Time to Leave: Interview with Jeanne Moreau as Grandmother of Young Gay Man

In Francois Ozon’s new film, Time to Leave, the great French actress Jeanne Moreau plays the sensitive, loving grandmother of a young gay man diagnosd with terminal cancer.

Ozon on Moreau

I always dreamed of doing a film with Jeanne Moreau, and she’s the French actress missing from my film “8 Women,” though her presence is felt in Emmanuelle Bart’s maid costume, a reference to Luis Bunuel’s “Diary of a Chambermaid,” in which Moreau played the lead.
Jeanne is another actor who is very close to her directors. Like the other actors, she was involved early on, during the preparation stages. She likes to enter the rhythm of a film as it is being created. She is a very generous actor and needs to be enormously involved. I think she has a fascination with directing, and a great deal of respect for it. She really fleshed out her character, she gave her a past. She’d give me her opinions and ideas, she’d tell me about books she loved. Working with her was a wonderful experience. The affection and complicity we had is reflected in the film, in the relationship between Romain and his grandmother.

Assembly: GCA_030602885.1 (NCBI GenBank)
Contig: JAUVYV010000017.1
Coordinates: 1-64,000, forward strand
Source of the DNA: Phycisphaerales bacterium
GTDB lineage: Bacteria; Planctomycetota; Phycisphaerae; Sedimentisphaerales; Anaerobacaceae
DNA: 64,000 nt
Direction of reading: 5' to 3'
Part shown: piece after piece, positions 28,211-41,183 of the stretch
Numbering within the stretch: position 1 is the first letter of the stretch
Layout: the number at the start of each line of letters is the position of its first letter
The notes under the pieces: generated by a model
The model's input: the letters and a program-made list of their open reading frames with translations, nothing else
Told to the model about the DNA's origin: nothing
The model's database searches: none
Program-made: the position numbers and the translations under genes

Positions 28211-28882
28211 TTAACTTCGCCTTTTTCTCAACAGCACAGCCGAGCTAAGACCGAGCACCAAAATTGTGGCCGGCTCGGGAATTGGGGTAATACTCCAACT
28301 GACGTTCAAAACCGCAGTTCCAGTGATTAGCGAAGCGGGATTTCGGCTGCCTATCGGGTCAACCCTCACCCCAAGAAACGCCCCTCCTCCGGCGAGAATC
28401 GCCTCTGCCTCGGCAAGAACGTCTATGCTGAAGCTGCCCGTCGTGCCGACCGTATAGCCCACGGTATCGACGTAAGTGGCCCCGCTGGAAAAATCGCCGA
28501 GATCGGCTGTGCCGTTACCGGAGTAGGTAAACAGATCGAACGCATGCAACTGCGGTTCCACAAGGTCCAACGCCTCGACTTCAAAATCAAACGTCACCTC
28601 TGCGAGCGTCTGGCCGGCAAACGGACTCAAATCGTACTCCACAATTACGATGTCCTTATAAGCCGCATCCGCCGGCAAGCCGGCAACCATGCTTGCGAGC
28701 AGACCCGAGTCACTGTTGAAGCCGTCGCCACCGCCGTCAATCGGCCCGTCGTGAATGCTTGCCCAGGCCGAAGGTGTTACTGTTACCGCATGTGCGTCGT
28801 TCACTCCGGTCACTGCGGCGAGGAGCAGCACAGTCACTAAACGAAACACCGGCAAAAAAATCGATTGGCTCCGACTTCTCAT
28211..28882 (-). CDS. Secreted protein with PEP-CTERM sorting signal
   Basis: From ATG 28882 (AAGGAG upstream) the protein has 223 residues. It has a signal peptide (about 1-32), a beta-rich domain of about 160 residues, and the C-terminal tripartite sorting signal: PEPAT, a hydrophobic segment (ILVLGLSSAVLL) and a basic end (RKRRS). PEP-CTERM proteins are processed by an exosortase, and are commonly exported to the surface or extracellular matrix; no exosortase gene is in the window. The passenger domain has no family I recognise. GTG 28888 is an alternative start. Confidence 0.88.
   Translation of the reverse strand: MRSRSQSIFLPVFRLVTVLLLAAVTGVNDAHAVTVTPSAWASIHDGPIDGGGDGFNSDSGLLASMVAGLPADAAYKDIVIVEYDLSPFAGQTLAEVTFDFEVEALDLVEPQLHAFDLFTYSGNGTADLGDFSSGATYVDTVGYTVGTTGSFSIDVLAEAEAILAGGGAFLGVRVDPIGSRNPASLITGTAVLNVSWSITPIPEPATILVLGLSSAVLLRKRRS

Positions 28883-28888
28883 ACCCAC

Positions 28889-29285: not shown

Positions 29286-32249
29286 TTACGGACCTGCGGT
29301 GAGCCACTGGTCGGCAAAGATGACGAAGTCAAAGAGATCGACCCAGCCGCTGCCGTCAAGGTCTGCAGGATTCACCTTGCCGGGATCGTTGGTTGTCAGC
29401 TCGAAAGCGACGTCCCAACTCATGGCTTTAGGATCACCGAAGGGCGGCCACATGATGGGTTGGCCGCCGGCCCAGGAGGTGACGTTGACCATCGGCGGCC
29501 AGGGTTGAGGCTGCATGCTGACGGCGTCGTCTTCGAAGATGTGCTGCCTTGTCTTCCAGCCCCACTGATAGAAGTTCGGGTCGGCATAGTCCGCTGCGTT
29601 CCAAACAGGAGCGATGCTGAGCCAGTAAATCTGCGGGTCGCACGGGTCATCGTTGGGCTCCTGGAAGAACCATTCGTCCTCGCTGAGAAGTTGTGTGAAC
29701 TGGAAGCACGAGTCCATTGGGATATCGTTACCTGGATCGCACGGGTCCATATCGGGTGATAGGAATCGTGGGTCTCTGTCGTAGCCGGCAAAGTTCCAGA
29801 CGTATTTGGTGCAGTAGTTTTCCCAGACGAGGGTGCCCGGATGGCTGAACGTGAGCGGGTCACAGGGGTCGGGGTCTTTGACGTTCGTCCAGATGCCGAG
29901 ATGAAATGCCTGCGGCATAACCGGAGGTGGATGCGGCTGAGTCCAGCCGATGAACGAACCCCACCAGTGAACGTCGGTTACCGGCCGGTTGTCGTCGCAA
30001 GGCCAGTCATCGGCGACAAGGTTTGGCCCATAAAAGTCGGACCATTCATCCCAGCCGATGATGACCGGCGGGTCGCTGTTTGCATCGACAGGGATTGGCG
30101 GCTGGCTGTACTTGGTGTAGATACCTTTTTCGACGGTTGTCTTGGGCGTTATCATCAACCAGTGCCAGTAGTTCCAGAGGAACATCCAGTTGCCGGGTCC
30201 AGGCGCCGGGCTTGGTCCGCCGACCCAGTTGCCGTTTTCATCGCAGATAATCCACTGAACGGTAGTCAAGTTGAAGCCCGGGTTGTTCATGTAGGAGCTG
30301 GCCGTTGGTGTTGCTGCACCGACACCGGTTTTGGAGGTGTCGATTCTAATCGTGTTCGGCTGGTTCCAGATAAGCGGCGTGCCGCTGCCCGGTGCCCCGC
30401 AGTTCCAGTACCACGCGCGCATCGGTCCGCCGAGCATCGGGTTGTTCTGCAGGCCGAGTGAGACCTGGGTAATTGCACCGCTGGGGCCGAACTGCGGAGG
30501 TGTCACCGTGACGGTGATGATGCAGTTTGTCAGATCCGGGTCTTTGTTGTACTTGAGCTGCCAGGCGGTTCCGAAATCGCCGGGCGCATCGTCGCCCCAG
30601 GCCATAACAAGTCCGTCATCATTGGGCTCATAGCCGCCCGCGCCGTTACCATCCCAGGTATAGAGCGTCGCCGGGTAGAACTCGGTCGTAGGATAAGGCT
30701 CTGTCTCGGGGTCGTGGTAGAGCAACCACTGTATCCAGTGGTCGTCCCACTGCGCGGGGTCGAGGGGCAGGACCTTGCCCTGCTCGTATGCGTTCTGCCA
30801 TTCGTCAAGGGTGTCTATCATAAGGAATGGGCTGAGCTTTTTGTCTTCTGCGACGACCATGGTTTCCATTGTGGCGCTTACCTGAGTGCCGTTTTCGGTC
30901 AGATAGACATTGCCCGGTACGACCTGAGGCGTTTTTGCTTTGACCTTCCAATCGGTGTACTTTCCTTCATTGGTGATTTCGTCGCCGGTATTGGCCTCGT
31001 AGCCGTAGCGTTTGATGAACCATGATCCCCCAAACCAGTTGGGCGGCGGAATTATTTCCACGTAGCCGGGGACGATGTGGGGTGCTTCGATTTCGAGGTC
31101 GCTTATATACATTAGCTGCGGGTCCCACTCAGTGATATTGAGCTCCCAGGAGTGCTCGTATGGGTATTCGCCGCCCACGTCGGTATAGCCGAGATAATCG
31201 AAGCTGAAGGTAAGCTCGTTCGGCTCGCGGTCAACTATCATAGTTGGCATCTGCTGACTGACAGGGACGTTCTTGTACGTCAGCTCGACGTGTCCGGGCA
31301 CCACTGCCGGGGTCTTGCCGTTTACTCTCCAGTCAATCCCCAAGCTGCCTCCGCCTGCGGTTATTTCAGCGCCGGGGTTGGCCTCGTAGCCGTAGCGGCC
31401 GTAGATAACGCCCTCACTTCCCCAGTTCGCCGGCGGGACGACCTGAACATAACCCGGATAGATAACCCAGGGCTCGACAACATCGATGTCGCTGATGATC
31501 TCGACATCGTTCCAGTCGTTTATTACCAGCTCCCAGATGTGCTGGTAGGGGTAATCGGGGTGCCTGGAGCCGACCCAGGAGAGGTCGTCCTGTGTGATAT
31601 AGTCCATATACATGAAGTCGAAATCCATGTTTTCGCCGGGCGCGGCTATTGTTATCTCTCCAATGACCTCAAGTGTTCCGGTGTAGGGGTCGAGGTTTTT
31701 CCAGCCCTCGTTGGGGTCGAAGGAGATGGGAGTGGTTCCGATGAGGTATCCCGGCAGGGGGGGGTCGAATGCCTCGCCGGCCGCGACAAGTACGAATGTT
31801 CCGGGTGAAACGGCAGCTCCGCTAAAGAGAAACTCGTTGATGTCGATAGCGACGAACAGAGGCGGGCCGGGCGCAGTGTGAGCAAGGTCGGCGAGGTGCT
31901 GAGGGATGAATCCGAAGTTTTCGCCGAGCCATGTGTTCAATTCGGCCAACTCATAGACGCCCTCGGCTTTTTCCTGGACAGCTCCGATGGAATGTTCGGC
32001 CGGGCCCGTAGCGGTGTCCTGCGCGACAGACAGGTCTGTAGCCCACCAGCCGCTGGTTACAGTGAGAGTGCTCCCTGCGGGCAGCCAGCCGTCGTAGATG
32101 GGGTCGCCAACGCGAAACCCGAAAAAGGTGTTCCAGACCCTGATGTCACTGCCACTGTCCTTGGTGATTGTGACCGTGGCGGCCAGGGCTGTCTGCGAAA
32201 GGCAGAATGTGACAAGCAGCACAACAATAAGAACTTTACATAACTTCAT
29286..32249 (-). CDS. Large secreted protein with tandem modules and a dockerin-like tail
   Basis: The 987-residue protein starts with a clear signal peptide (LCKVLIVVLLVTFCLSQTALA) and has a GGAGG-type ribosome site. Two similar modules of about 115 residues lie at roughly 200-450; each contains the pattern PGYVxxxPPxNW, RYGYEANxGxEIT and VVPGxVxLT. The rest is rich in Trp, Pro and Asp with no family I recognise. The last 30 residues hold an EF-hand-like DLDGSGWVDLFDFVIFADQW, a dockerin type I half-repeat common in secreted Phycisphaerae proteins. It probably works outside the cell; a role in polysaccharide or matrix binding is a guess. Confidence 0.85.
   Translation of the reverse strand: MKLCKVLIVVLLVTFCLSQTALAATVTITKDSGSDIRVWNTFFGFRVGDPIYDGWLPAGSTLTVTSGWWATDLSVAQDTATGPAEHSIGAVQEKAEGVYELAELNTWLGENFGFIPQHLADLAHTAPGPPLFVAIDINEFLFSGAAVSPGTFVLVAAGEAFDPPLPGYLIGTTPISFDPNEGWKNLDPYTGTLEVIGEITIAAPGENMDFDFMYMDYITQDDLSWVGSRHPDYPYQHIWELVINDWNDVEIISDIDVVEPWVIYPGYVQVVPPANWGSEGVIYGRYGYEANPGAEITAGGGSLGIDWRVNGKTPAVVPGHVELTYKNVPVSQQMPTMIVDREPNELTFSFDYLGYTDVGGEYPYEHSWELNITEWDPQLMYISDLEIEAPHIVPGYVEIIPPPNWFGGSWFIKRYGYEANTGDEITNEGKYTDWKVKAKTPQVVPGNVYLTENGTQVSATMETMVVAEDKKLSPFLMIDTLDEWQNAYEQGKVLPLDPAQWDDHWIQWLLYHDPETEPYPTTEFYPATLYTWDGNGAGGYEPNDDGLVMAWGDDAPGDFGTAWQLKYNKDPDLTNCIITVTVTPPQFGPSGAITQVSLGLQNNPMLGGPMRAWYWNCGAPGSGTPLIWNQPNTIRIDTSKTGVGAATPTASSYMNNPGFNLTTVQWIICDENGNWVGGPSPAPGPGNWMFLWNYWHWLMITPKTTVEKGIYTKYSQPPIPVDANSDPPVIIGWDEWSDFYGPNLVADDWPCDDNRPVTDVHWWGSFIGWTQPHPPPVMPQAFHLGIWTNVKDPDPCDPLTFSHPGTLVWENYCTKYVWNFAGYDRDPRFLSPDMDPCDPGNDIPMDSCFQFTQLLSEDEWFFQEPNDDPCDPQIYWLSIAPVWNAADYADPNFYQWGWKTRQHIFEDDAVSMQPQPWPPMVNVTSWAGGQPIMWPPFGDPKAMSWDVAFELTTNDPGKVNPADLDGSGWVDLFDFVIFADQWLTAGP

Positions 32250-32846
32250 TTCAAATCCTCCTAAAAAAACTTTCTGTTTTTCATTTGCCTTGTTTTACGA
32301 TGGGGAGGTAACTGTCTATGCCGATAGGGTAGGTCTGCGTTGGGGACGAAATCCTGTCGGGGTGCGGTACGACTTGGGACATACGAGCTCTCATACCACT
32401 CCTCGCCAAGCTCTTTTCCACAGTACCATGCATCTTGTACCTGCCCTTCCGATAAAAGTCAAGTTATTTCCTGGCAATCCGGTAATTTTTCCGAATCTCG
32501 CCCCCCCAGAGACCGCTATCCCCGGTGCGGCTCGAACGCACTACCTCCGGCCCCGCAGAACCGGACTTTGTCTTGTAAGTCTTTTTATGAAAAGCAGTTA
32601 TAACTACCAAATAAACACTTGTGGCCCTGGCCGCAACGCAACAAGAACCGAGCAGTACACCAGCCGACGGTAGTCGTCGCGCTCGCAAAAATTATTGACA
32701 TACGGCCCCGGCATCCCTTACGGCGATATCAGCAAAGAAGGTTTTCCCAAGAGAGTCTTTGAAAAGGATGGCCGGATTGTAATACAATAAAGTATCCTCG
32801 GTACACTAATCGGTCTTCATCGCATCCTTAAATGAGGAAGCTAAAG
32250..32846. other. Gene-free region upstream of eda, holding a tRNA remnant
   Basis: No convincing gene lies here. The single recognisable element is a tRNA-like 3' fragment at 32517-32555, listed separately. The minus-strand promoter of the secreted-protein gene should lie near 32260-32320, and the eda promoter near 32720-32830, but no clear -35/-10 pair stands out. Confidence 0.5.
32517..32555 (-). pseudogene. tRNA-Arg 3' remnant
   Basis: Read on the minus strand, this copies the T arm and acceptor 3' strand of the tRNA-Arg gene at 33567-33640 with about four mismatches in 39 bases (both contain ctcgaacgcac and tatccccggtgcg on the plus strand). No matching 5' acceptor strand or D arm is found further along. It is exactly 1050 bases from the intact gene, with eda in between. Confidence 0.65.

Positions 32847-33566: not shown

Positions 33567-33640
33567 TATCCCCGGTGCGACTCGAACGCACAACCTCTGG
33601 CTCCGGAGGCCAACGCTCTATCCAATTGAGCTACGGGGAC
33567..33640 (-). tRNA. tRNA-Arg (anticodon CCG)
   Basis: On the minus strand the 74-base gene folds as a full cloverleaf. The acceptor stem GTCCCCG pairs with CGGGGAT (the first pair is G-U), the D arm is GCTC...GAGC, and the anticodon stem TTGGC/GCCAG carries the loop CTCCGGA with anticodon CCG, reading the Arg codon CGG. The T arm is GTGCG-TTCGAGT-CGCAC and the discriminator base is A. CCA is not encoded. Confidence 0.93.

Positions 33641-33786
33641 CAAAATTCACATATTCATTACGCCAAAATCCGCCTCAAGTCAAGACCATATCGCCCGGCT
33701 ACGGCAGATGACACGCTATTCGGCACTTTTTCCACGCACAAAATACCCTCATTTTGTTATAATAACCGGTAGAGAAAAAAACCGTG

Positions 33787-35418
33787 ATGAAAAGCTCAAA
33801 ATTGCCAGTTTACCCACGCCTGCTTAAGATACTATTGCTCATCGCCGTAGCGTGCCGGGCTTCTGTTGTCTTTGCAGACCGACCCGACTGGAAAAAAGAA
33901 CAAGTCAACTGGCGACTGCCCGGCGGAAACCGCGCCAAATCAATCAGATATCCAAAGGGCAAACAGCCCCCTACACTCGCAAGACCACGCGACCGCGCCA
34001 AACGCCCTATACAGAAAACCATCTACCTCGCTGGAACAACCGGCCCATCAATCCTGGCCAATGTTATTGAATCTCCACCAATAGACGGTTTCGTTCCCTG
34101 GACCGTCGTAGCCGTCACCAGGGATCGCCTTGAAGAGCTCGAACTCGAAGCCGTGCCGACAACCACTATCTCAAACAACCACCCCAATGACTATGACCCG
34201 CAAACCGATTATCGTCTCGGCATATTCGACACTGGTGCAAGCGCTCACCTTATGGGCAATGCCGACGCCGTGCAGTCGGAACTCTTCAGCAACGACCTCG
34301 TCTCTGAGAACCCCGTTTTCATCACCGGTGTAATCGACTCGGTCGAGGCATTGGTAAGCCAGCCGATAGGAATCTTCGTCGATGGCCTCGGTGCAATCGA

Involvement in Film

Jeanne Moreau: I always see Franois’ films right when they come out, and a mutual friend introduced us, Jean-Claude Moireau, who is Franois’ stills photographer and also wrote my biography. Franois and I would occasionally talk on the phone, and I felt like I knew him, I felt like he was a little brother. He felt the same thing. He’d say, “One day, we must do a film together.” Then one day, he called me about “Time to Leave.” He told me what the film’s theme was and I said, “I hope it’s not the role of a grandmother.” “Yes, it is.” “Well, all right, but only for you.”

The screenplay wasn’t all that important to me, because to my mind Franois is an exceptional person and an exceptional director, the two go hand in hand. He is a realisateur, (director) not a metteur-en-scene (filmmaker).

What’s the distinction

JM: A metteur-en-scne is someone who puts things in place, organizes. A ralisateur is someone who turns his imagination into something real. This film is a work of fiction, but all fiction becomes autobiographical when the author has true talent. When Czanne says, “This is my apple”, you’d better believe it’s Czanne’s apple.